For seven years on and off, I’ve been doing a genealogy project — but instead of investigating my family’s roots, I’m entangled in another family’s ancestry and the history of my house. When exactly was my circa 1870s home built? Who built it? And who lived in it all those years until my family and five cats moved in?
I began by finding out more about the Garrabrants, an old Dutch family who settled in the Hudson Valley in the late 1700s. I knew that part of the family had ended up living on my road and farming on the mountain, which in the mid-1800s was called Garrabrant Mountain.
Snyder Cemetery is five minutes from my house. It’s where I began digging for the Garrabrants, so to speak. It’s a neglected grassy knoll of 146 stone grave sites dating back to 1773. On the Web site for the cemetery, it states that the patriarch, John P. Garrabrant (1832-1920), who is buried alongside his wife, Martha W., grew vegetables and fruits shipped by ferry to New York City’s Fulton Market. The family lived in several homes along my mountain road.
I’ve rooted around on Ancestry.com and perused US census records and digitized newspaper clippings. Brian Jennings, Nyack Library’s historian, helped me find a map from the 1876 Atlas of Rockland County. It shows a series of small black rectangles with corresponding homeowners’ names along my road. “Garrabrant” is right at the bend where my house stands.
I contacted historical societies, but no one knew which Garrabrant lived where. I called every Garrabrant in the Rockland phone book and tried Facebook but got nowhere.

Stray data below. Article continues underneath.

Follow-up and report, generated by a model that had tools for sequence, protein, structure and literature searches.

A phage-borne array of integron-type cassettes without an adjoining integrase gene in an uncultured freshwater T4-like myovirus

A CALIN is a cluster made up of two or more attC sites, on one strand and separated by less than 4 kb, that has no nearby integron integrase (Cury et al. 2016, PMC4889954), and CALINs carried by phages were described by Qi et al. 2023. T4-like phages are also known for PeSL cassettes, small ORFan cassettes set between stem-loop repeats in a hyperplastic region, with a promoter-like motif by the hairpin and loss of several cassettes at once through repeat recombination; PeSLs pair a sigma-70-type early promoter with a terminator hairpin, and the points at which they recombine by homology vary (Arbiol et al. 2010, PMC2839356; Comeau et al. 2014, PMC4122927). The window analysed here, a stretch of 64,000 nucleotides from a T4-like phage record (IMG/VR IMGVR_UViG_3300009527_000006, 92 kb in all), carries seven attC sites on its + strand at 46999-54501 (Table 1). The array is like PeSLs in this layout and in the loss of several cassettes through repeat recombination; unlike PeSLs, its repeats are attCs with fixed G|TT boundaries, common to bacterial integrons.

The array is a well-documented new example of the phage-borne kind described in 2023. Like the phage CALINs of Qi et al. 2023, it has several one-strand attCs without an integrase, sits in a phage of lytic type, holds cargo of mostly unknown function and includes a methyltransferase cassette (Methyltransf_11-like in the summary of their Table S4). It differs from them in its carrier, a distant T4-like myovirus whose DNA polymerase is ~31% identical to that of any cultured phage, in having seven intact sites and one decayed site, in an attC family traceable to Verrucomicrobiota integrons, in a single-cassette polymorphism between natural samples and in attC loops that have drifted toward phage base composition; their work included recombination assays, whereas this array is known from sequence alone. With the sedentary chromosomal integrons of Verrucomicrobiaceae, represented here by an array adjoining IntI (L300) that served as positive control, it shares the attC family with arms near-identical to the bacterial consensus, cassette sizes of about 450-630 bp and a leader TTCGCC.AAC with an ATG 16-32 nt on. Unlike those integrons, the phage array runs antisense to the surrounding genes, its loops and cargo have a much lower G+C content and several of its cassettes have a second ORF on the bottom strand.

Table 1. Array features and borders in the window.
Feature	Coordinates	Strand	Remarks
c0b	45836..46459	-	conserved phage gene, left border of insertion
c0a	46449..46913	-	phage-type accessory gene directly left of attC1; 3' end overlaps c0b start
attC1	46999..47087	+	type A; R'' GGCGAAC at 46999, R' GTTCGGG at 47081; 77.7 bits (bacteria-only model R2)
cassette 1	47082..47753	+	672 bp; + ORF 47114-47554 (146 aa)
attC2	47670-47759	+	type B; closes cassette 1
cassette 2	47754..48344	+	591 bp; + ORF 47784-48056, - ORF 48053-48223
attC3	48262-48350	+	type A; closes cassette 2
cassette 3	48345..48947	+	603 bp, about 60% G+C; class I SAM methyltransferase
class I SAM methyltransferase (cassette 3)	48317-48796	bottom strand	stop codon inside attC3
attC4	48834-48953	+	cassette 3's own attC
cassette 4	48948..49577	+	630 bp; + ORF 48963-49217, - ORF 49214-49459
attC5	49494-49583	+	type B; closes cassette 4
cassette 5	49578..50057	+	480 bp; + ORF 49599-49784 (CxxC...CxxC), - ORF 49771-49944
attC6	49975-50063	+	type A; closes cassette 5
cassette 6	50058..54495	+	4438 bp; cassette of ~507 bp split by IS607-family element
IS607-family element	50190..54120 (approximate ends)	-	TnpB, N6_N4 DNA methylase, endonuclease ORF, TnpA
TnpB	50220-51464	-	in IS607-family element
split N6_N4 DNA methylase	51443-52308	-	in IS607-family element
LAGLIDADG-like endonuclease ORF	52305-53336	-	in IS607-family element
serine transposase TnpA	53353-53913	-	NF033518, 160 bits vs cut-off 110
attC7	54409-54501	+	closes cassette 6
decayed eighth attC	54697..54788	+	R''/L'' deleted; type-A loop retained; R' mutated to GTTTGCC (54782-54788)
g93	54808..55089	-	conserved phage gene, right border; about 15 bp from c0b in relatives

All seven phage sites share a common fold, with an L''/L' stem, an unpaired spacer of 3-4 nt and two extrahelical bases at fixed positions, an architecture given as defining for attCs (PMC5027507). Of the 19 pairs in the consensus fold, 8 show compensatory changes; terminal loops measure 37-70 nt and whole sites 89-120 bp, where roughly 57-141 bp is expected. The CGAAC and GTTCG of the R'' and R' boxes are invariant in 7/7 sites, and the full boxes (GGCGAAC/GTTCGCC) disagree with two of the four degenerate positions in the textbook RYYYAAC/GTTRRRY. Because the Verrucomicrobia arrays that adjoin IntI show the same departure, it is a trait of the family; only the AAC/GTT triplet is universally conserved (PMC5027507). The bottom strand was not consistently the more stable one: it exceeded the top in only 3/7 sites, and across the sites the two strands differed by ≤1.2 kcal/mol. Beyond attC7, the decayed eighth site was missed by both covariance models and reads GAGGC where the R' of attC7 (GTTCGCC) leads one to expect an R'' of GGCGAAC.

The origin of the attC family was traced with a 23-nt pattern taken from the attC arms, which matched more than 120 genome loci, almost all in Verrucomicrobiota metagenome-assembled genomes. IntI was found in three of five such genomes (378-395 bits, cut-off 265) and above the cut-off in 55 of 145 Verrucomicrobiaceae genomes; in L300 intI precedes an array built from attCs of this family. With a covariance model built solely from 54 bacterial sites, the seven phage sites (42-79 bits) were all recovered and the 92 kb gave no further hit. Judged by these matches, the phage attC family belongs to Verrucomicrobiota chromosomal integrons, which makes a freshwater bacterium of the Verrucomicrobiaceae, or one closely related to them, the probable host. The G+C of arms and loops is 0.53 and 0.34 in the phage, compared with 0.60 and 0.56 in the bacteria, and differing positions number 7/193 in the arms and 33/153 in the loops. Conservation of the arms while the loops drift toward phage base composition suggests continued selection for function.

Next, I went to the county administration building to look up deeds. Starting with my own from 2005, I traced the history of the house’s ownership using digitized records back to 1930, and then went even further back, looking through big dusty books I needed help lifting. It appeared — and I say “appeared” because there were certain gaps in the handwritten deed books prior to 1930 — the Garrabrants held the deed.
But that still didn’t tell me when my house was built or which Garrabrants lived here. Then, coincidentally, my local newspaper ran a story about five generations of Garrabrant firefighters in my hamlet.
It began with William A., a charter member and builder of the original firehouse on Lake Road (where the current one stands). William A. was the father of Edward. Edward had a son, Eddie. Eddie, who is deceased, has a son, Keith. Keith is a local cop, and his son, Ryan, is also a firefighter. I called Keith at the police department. He didn’t know anything about his ancestors who predated his grandfather, Edward. But just as we were about to hang up, he told me his sister’s husband, Steve, had done a family tree.
Steve was a fount of genealogical information, though neither he nor his wife had stories about their forebears or their lives on the mountain. But his family tree revealed that patriarch John P. had a brother, William M., and that William M. had a son, William A., the firefighter.
My final stop was the county archives building. By searching town tax rolls from the mid-1800s on microfilm, I found that John P. had been paying taxes on the land as early as 1850. Then — eureka! — I discovered an HL (house and lot) entry in 1870 with the name William M. Garrabrant. (HL shows when a house first appeared on the land, or at least when the town started collecting taxes on it.)
One can surmise that John P. either sold or gave his brother the land, and that William M., age 30 at the time, built the first stages of the house I live in. Circling back to census data, I discovered that William M. lived there with his wife, Emily, and their three children.
According to the tax rolls, the house’s value in 1870s was $125, and he paid $1.48 in taxes. William M. did not have a dog, for if he did, it would have been recorded and he would have paid a tax of 50 cents.
The other day, I went to visit Snyder Cemetery. John P. and Martha have a tall granite grave marker, one of only a few grand monuments. The rest are stone, some belonging to Garrabrants. Many are broken, knocked down or have weather-eroded letters.
The Garrabrants are not my ancestors, but they’ve passed something along something precious. I join them in the chain of title that began with Garrabrant Mountain. And I’m happy to know a little more about them.